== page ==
Girolamo Savoldo and Fifty Shades of Grey

ash, ashen, cinereal, clouded, dappled, dingy dove, drab dusky, dusty, grey, heather,iron, lead, leaden, livid, mousy, neutral, oyster, pearly, peppery, powder, sere, shaded,silvered, silvery, slate, smoky, somber, stone 

The first thing to be said here is that ‘grey’ is the English spelling which we Canadians favour – whereas ‘gray’ is the Americanization of same, a transmutation linked to liberty, one imagines.

The terms for grey (above) are all the ready synonyms I could find – none of which quite adequately describe the peculiar characteristics of grey/silver pigments that have come to us via the little-regarded but superlative painter Girolamo Savoldo.  Savoldo, who died in 1548,  came from Brescia and worked for most of his career in Venice, where he soaked up the vast vocabulary of colours known to his Venetian counterparts.  Somehow, though, Savoldo transformed those colours, particularly the greys, through tricks of light and luminous textural bravura that would not be seen again until van Dyck reinvented grey in the Baroque period. Subtle silver transitions from pale lavender/purple/smoky slates to burning, white-marbled highlights.  I give you two examples of Savoldo’s smouldering, shimmering, waterfalls of grey –  the Magdalene, and the Angel and Tobias –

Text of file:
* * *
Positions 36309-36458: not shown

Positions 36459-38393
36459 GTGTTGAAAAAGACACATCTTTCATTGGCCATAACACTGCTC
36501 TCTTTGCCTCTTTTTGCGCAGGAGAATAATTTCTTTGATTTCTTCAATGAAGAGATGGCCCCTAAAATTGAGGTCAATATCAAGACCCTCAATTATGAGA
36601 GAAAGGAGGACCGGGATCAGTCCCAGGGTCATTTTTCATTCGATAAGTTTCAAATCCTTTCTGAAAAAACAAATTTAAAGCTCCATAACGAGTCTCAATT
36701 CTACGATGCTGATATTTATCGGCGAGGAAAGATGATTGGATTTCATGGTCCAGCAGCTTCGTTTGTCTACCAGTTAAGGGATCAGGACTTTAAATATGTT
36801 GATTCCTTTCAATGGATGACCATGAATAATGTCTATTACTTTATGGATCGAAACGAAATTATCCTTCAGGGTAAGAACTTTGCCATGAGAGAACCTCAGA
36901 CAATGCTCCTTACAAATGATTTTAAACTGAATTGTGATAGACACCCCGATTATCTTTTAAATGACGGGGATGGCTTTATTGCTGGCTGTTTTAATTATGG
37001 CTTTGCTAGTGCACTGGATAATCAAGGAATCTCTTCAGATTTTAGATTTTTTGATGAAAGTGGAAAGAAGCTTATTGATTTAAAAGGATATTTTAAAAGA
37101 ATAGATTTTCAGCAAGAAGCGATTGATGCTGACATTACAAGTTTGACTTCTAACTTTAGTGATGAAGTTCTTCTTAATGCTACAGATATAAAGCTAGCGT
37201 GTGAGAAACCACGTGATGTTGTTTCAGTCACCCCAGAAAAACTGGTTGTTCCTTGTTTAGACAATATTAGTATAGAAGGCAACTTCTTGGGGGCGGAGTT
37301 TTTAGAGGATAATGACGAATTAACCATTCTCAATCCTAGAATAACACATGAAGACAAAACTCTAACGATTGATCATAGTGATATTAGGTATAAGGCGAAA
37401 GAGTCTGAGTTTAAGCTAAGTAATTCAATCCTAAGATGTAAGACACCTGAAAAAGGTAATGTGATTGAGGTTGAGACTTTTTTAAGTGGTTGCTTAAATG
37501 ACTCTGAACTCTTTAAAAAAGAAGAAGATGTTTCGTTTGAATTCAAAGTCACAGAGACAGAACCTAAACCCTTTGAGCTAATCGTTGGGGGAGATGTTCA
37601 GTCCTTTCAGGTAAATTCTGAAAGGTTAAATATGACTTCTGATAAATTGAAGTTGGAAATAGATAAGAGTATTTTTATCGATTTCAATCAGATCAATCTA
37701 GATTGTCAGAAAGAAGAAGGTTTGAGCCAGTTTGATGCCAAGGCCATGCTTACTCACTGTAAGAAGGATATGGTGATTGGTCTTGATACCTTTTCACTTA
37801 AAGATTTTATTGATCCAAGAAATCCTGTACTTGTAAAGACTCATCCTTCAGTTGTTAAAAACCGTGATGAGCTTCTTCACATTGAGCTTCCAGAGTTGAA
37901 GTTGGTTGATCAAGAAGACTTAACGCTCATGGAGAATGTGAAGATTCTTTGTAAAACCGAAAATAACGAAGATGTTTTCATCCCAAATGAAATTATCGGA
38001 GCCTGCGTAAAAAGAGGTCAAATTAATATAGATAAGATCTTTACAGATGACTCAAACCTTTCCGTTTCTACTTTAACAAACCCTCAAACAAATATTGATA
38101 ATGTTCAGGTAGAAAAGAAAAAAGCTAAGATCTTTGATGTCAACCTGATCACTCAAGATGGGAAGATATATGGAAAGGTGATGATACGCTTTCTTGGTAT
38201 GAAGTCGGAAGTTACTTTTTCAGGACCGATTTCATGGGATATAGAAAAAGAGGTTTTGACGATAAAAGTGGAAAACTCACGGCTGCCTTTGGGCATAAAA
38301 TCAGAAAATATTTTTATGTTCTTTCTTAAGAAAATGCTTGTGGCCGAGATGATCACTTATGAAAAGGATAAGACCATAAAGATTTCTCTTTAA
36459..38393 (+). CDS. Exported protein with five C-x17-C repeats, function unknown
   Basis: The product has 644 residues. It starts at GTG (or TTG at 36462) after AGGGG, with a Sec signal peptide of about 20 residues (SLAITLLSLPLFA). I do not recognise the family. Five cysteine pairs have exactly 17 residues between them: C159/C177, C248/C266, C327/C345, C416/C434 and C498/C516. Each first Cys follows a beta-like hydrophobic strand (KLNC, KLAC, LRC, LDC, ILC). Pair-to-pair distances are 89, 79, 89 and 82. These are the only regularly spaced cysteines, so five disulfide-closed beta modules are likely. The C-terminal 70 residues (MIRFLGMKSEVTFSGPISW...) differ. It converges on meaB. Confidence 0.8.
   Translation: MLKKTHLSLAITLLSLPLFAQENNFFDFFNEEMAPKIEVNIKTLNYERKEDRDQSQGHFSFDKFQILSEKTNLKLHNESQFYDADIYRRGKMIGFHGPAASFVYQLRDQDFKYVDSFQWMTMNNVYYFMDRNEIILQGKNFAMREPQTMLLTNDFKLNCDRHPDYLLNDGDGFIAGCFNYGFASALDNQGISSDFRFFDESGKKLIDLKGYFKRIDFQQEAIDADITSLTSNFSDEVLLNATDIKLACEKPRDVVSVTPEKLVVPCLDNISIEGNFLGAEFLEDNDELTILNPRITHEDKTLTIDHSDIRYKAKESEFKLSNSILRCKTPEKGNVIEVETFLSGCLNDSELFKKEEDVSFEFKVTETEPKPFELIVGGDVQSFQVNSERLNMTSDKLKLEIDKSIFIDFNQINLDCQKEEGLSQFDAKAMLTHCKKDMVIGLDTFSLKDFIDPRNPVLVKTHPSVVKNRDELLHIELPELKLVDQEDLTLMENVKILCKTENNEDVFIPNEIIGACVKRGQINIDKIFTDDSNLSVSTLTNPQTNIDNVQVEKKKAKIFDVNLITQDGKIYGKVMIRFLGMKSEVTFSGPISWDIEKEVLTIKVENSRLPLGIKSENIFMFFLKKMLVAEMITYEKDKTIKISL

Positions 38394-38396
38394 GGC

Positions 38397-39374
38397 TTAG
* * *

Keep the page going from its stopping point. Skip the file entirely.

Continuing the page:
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About hickson1

Art historian, professor, Italian Renaissance and Baroque specialist
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